The 10 Coolest Security Startups Of 2014

Coolest Security Vendors Go Beyond Threat Detection

When Eugene Spafford, a noted computer security expert and professor of computer science at Purdue University, gave a keynote to hundreds of incident responders at a conference in Boston this summer, the security luminary said he was perplexed by the sheer number of emerging security vendors gaining attention in recent years. Their products were designed to detect so-called advanced threats, but they provided no mechanism to block or take action against them.

In this list of security startups, CRN pulled together vendors trying to not only provide innovative ways to detect threats, but also respond to attacks. At the very least, they give IT security teams the ability to block vulnerabilities and configuration issues or give incident responders enough information to quarantine an infected system, preventing a threat from growing out of control.


CEO: David Hindawi

Berkeley, Calif.-based security and systems management startup Tanium is being led by the former management of BigFix, the IT management platform acquired by IBM in 2010 for an estimated $400 million. The company’s platform is gaining attention for its ability to scale. It can collect information on hundreds of thousands of endpoint devices in seconds, even if they are not connected to the corporate network. For example, when the Heartbleed OpenSSL vulnerability was discovered, users of the Tanium platform could ask a simple query in English and the platform’s natural language parser determined in seconds all of the endpoint devices impacted by the vulnerability. Administrators can also take action, making network changes in seconds. It can deploy patches, stop system processes, and add and delete files and applications in real time or connect to other IT tools to address issues. David Hindawi, CEO and chairman of Tanium, works closely with his son Orion Hindawi, CTO of the company.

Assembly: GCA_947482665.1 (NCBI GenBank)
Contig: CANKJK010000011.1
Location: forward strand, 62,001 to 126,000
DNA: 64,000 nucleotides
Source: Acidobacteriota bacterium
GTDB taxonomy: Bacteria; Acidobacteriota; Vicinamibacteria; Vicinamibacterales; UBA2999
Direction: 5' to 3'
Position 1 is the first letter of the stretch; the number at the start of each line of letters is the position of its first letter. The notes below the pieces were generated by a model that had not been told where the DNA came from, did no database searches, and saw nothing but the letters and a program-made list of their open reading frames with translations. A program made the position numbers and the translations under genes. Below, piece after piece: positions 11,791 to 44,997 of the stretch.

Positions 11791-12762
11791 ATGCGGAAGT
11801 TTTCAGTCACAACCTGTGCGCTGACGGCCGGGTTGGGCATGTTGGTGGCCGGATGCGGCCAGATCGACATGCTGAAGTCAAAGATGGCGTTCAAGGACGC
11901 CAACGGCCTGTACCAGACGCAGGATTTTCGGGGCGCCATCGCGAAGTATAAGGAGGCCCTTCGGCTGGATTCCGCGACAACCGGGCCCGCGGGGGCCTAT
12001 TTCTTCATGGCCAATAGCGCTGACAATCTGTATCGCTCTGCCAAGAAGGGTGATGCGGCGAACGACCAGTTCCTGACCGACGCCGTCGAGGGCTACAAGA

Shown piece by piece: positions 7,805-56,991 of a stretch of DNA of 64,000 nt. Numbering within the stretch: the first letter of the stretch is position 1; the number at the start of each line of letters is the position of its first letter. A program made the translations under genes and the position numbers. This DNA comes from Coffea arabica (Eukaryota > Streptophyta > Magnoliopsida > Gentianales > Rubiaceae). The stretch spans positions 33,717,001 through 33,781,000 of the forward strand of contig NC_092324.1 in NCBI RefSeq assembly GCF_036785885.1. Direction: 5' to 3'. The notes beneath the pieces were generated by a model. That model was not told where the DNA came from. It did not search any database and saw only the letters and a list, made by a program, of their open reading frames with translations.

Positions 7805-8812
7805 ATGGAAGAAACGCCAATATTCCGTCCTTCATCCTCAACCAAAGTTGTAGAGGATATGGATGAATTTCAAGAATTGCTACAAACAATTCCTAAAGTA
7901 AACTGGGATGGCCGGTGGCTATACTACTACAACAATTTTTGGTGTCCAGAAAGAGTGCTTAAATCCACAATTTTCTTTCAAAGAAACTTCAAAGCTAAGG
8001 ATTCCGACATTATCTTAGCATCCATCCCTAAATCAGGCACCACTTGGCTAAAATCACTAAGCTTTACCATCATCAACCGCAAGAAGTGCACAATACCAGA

CEO: Mark Jaffe

Framingham, Mass.-based Prelert sells Anomaly Detective, providing automated behavioral analytics. It was designed to process terabytes of streaming data in record time to help security analysts spot suspicious activity or network administrators identify abnormal traffic issues. It initially captures a baseline of an organization’s logs and event streams and then begins correlating all the information to identify anomalous activity. It is a native application in Splunk and ties into Hadoop clusters and other big data stores.The company currently has about 110 customers and OEM relationships with Alert Logic and CA Technologies. Prelert secured $7.5 million in venture capital financing from Intel Capital and existing investors Fairhaven Capital and Sierra Ventures.